Camels With Hammers
Philosophy, Ethics, Atheism, Nietzsche
Here is James Croft of Temple of the Future on where we go once God is dead.
Help James’s group build a Humanist community center. James recently explained why it’s so important.
I wish he had spent much more time unpacking “God is dead” and discussing how and why God is playing a diminishing role in society. There are a number of Sociologists of religion who would disagree with this and it would have been nice to see him engage in some of the counter arguments (or possible counter arguments) to that idea. I thought his comments concerning the “Don’t Tread On Me” flag wasn’t necessary and the time he did spend on talking about how we “kicked the squinty eyed snake in the face” could have been used elsewhere.
Looking back on my notes form this talk (I attended), I had wished he opened with Nietzsche’s parable of the madman. The number of people I spoke with seemed confused about the phrase “God is Dead” and wanted to know if God doesn’t exist, how could he be dead in the first place? It didn’t take much more explaining to get the concept across, so I think it might be worth James’ time to re-tool that part of his talk to make it a little more clear. I also jotted down “less theatre and more analysis”.
On a personal level I didn’t care for the talk, but reasons having more to do with content rather than quality. I’m hardly a progressive, have a strong steak of anti-liberalism in my communitarian values, and I’m deeply suspicious of the kind of social activism he advocates for (I think it breeds alienation and erodes solidarity in the long run). So I’m not really the kind of person James had in mind when making this presentation and I understand and respect that.
God is dead – that could explain the stench of organized religion.
Why join a Humanist community center when Unitarian Universalist churches exist?
If this question is answered in the video, I’m sorry but I’m at work and cannot watch it.
Unitarian-Universalism, while probably one of the most innocuous expressions of the religious paradigm in existence, is not without baggage of its own. I attended a UU church in my youth for many years (both parents are atheists but sought community, etc.) and there is plenty there for a person to object to.
The syncretism is probably the part that rubbed me the wrong way the most; if something barely makes sense when situated in its native context, surrounded by complementary culture, ceremony, and the meanings that they help provide participants, it isn’t likely to make sense *at all* when divorced from those contexts and presented as, essentially, a neat cultural idiosyncrasy from interesting people who live somewhere very far from here. It lent a very uncomfortable, voyeuristic, exploitative aspect to the UU approach to other group’s religious and cultural heritages.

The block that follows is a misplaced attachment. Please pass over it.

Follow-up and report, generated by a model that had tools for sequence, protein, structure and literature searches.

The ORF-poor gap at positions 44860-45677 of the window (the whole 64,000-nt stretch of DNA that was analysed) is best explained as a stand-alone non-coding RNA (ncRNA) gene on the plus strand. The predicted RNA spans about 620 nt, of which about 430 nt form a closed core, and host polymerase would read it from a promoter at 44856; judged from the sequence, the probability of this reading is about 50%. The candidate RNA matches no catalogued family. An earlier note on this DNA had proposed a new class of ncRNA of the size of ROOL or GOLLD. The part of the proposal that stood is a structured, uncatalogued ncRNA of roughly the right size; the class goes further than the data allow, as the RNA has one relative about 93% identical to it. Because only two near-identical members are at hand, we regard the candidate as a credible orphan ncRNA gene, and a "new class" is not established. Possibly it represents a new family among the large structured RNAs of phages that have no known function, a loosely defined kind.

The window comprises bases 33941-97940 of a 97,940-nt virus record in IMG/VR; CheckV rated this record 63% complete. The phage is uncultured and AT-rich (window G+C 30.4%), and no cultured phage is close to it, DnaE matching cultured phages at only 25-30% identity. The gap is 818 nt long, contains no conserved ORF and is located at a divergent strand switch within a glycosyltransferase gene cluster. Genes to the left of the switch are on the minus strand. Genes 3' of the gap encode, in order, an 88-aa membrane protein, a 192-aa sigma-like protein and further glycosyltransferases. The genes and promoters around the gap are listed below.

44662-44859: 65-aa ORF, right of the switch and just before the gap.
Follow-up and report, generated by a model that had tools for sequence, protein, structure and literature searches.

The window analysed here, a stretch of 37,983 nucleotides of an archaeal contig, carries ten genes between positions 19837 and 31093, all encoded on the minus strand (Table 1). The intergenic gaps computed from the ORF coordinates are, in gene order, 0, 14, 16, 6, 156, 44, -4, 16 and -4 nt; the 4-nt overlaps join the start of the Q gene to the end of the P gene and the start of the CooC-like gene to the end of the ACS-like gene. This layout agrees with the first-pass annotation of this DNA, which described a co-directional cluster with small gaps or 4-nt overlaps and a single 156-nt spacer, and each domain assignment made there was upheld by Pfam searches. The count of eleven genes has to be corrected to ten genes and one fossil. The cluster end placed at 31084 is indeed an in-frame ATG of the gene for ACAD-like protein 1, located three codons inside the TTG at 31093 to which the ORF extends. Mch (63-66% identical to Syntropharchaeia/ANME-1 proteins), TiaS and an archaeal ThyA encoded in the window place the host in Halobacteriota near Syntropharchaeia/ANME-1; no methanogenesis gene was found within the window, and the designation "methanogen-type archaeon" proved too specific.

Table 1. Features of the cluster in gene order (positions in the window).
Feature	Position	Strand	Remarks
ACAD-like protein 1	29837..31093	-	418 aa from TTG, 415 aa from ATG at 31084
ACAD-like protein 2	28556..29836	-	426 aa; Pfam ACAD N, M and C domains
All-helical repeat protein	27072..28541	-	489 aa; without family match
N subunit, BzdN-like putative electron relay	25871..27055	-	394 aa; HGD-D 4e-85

The Seven Principles are written to be pretty damn inclusive and inoffensive, but a person could easily have good faith objections to 3, 5, and 7. Particularly 5 jumps out, since democracy is neither inherently good nor apodictically the best method for organizing human affairs.
Don’t get me wrong, I think that UUism is a great expression of what religion can be if people doing religion decided to get over the obsession with having the right answer. Their social commitments to being gay and trans friendly are head-and-shoulders above their peers, and they don’t take any misogynistic guff either. But there are certainly things about Unitarian-Universalism that a person looking for a humanist or freethought community could object to, things that would be easily distinguished from, say, a humanist community center not operating under the same rubric of principles.
Thanks for the reply. I have to admit that I don’t personally feel comfortable at UU churches, but that may be just the result of four years at Oral Roberts University ruining any form of church forever for me.
It’s main advantage for me is that it’s a place where I, an atheist apostate, and my wife, a heretical Christian universalist, can both attend. I’m not sure that would be encouraged at a Humanist/atheist community center.
It’s main advantage for me is that it’s a place where I, an atheist apostate, and my wife, a heretical Christian universalist, can both attend.
If UU churches had a unique utility, that would be it. It’s a great place for folks who are coming from different places in a religious sense to actually share a community and religious experience without asking really harsh compromises of one or the other partner. Some family friends of ours attended the same UU church I did growing up, and their main motivation was in finding a comfortable solution for their kids given a conflict of religions in the family (one parent was Jewish, the other Catholic, neither particularly orthodox by any means).
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